Letter to the editor
As members of the Advisory Council for Trinidad State Junior College (TSJC), we are excited to share our support for the college’s efforts to change its name. The college is pursuing dropping the word “Junior” from its title, making the new name “Trinidad State College.” This change addresses a long-standing effort to increase the perception of value among students and potential employers and to help foster enrollment growth, build partnerships, and convey a sense of pride among students.
Enrollment at TSJC has dropped dramatically over the last decade, from 1,556 FTE in FY 2011 to 1,137 FTE in FY 2020 – a 27% decline.
The challenges of the COVID pandemic have only exacerbated the trend, with the college projecting a 10% enrollment decline for this academic year alone. The word “junior” inhibits TSJC’s ability to attract new students because it carries a negative connotation. Students ask whether the college is, in fact, a real college -- as the word “junior” implies it is something less than a college. This is why the vast majority of two-year colleges nationally have dropped “junior” from their titles. Out of 1,465 two-year institutions, only 15 still have “junior” in their titles. Additionally, over half of community colleges nationally have dropped “community” from their names for similar reasons.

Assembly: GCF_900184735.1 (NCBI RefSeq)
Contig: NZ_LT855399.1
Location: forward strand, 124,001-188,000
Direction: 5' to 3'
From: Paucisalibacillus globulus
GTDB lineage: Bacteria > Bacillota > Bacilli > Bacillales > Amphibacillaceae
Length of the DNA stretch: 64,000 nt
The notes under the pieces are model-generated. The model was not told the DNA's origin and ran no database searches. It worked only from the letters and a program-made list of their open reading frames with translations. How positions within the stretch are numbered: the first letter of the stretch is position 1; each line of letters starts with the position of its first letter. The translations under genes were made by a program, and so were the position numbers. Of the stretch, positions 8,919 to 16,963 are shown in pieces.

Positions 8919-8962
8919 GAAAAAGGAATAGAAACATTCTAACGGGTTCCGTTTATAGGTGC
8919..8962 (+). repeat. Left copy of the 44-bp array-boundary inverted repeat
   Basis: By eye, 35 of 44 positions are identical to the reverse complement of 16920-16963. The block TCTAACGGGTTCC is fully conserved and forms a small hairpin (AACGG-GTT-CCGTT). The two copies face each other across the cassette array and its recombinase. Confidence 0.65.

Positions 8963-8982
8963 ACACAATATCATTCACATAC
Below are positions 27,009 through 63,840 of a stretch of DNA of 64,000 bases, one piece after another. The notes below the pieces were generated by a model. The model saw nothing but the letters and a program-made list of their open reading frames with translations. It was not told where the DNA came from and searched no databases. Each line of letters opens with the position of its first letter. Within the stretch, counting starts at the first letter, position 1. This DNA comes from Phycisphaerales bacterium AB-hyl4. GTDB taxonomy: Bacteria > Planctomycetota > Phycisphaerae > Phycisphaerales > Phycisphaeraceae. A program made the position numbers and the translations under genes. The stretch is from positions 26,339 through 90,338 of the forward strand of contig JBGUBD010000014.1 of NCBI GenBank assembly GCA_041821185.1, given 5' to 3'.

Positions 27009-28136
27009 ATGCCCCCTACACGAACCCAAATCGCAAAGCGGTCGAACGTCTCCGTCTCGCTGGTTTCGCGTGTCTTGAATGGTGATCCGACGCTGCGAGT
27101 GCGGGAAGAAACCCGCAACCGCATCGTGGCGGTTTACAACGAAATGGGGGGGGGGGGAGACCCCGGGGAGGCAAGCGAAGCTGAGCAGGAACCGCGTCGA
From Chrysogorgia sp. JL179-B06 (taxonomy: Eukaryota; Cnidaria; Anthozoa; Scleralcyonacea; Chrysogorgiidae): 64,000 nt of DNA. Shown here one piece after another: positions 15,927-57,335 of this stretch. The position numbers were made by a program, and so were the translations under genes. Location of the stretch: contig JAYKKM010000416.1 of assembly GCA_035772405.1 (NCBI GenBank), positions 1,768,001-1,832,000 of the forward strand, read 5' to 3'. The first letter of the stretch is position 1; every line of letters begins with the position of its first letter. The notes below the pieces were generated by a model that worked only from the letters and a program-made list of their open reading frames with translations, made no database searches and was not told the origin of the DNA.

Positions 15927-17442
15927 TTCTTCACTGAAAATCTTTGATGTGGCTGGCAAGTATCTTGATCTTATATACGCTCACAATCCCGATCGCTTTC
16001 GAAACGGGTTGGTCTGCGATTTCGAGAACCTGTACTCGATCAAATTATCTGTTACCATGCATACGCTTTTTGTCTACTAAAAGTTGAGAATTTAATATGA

As we know, TSJC serves a critical role in the San Luis Valley as well as Las Animas and Huerfano Counties. It trains nurses, EMTs, medical assistants, dental assistants, police officers, welders, and diesel mechanics, among many other occupations. It also provides an important entry point for students to get started and when ready to transfer to Adams State University or other four-year universities. It is important to note that less than 5% of degrees conferred from TSJC’s Valley Campus are Associate of Arts or Associate of Science degrees (those that transfer), which means the Valley Campus is primarily focused on Career and Technical Education (CTE) programs. TSJC is focused on its current mission and does not aspire to compete with or become a university.
We are pleased to share that as TSJC has vetted this change within the college community on both the Valley and Trinidad campuses, it finds nearly universal support. Some students have said they are somewhat embarrassed to have “Junior College” on their transcript, especially those planning to transfer. Students and faculty have expressed excitement over the possibility of updating the name to better reflect a modern institution – one that offers outstanding academic and CTE programs. Trinidad State’s mission will remain the same; and its new name, if approved, will be one of which students, community members, and alumni can be proud.
Trinidad State Junior College is preparing for the future by strategically branding the institution, and this much-needed name change is an important step. Let’s help ensure Trinidad State remains competitive among two-year institutions to prospective students and employers, and in turn, help our communities in the San Luis Valley as well as Las Animas and Huerfano Counties thrive.
Trinidad State Junior College Advisory Council
Heather Brooks, Donna Wehe, Jason Medina, Cy Michaels, Erin Ogletree, Raymond Odum, Jim Blecha